consequences of breaching the prohibition are changed. The prohibition applies only to
private companies limited by shares or limited by guarantee and having a share capital. The
prohibition does not apply to unlimited companies or to companies limited by guarantee and
not having a share capital.
1050. Private companies are also prohibited from allotting their shares or debentures with
the intention that they are offered to the public by someone else. Subsection (2) creates a
presumption as to when shares or debentures have been allotted in this way. Similar provision
was made in section 58(3) of the 1985 Act which this subsection replaces.
1051. A private company will no longer commit an offence if it offers its securities to the
public. Instead, if a private company does breach the prohibition it will be compelled to reregister
as a public company, unless it appears to the court that the company does not meet
the requirements for re-registration and that it is impractical or undesirable to require it to
take steps to do so, in which case the court may make a remedial order and/or an order for the
compulsory winding up of the company.
1052. Subsection (3) contains an exemption to the prohibition on public offers. Where a
private company intends to become a public company it will be able to make an offer before
it has completed the formalities of re-registration as a public company. Acts done in good
faith before allotment in anticipation of re-registration will not be treated as breaching the
prohibition on offers to the public, even if the re-registration arrangements do not ultimately
succeed. The exemption also applies if, as part of the terms of the offer, the company
undertakes to re-register as a public company and then complies with that undertaking not
later than 6 months after the day on which the offer is first made to the public.
Section 756: Meaning of “offer to the public”
1053. This section explains what is meant by “offer to the public” for the purposes of the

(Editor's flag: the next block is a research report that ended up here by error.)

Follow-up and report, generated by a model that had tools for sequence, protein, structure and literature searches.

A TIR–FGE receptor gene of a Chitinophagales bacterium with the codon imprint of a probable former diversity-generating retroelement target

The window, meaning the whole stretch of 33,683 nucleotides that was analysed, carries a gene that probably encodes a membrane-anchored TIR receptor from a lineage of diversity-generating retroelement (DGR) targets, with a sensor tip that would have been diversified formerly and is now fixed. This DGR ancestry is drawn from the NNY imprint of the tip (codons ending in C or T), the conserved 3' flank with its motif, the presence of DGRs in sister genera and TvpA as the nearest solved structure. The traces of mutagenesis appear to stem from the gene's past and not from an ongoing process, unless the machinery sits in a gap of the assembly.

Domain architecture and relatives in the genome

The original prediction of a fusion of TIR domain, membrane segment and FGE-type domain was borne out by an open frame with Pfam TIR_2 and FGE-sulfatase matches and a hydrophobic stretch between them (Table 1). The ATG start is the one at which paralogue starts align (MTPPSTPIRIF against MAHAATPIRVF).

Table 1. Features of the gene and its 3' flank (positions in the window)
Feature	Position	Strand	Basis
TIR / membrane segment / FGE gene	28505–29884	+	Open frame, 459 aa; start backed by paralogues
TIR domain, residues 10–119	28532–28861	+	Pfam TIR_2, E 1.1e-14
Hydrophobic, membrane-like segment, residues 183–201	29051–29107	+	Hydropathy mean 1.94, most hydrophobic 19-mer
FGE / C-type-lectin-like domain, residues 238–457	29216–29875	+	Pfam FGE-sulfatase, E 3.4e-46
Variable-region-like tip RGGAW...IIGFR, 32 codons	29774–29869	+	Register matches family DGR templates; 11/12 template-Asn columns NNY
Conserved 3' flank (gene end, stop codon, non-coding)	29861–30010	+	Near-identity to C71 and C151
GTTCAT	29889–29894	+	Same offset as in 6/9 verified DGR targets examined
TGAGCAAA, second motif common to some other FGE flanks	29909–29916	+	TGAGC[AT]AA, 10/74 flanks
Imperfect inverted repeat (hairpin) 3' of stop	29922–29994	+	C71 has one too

prohibition on public offers contained in section 755. This section also sets out certain
circumstances where an offer is not to be regarded as an offer to the public. It replaces section
742A of the 1985 Act.
1054. An offer will not be an offer to the public if it is not calculated to result in shares or
debentures of the company becoming available to anyone other than those receiving the offer.
An example would be where shares are offered to a particular person, with the intention that
no one other than that particular person may take up the offer or acquire the shares as a result.
Nor will an offer be an offer to the public if the offer is otherwise a private concern of the
person receiving it and the person making it.
1055. Subsection (4) creates two further exemptions for offers to persons already connected
with the company (as defined in subsection (5)) and for offers in respect of securities to be
held under an employees’ share scheme (as defined in section 1166). Such offers are
presumed to be the private concern of those involved and so not an offer to the public if the
conditions set out in subsection (4) are met.
1056. The range of persons already connected with the company for the purposes of
subsection (4) has been expanded slightly from the current provision in section 742A of the
1985 Act. Subsection (5) now includes a trustee of a trust where the principal beneficiary is
an existing debenture holder of the company or the widow or widower, or surviving civil
partner of a person who was a member or employee of the company.
1057. Subsection (6) explains what is meant by a member of a person’s family for the
purposes of subsection (5).
Section 757: Enforcement of prohibition: order restraining proposed contravention
1058. This section enables members, creditors or the Secretary of State to apply to the court
for an order restraining a private company from carrying out any proposed contravention of
the prohibition on offering shares or debentures to the public. This is a new procedure which
will enable the member, the creditor or the Secretary of State to prevent by civil action any
further activity by the company towards making an offer in contravention of the public offer
prohibition. The court must also make such an order if, in proceedings brought by a member
under section 994 or by the Secretary of State under section 995, it appears to the court that
the company is proposing to breach the public offer prohibition.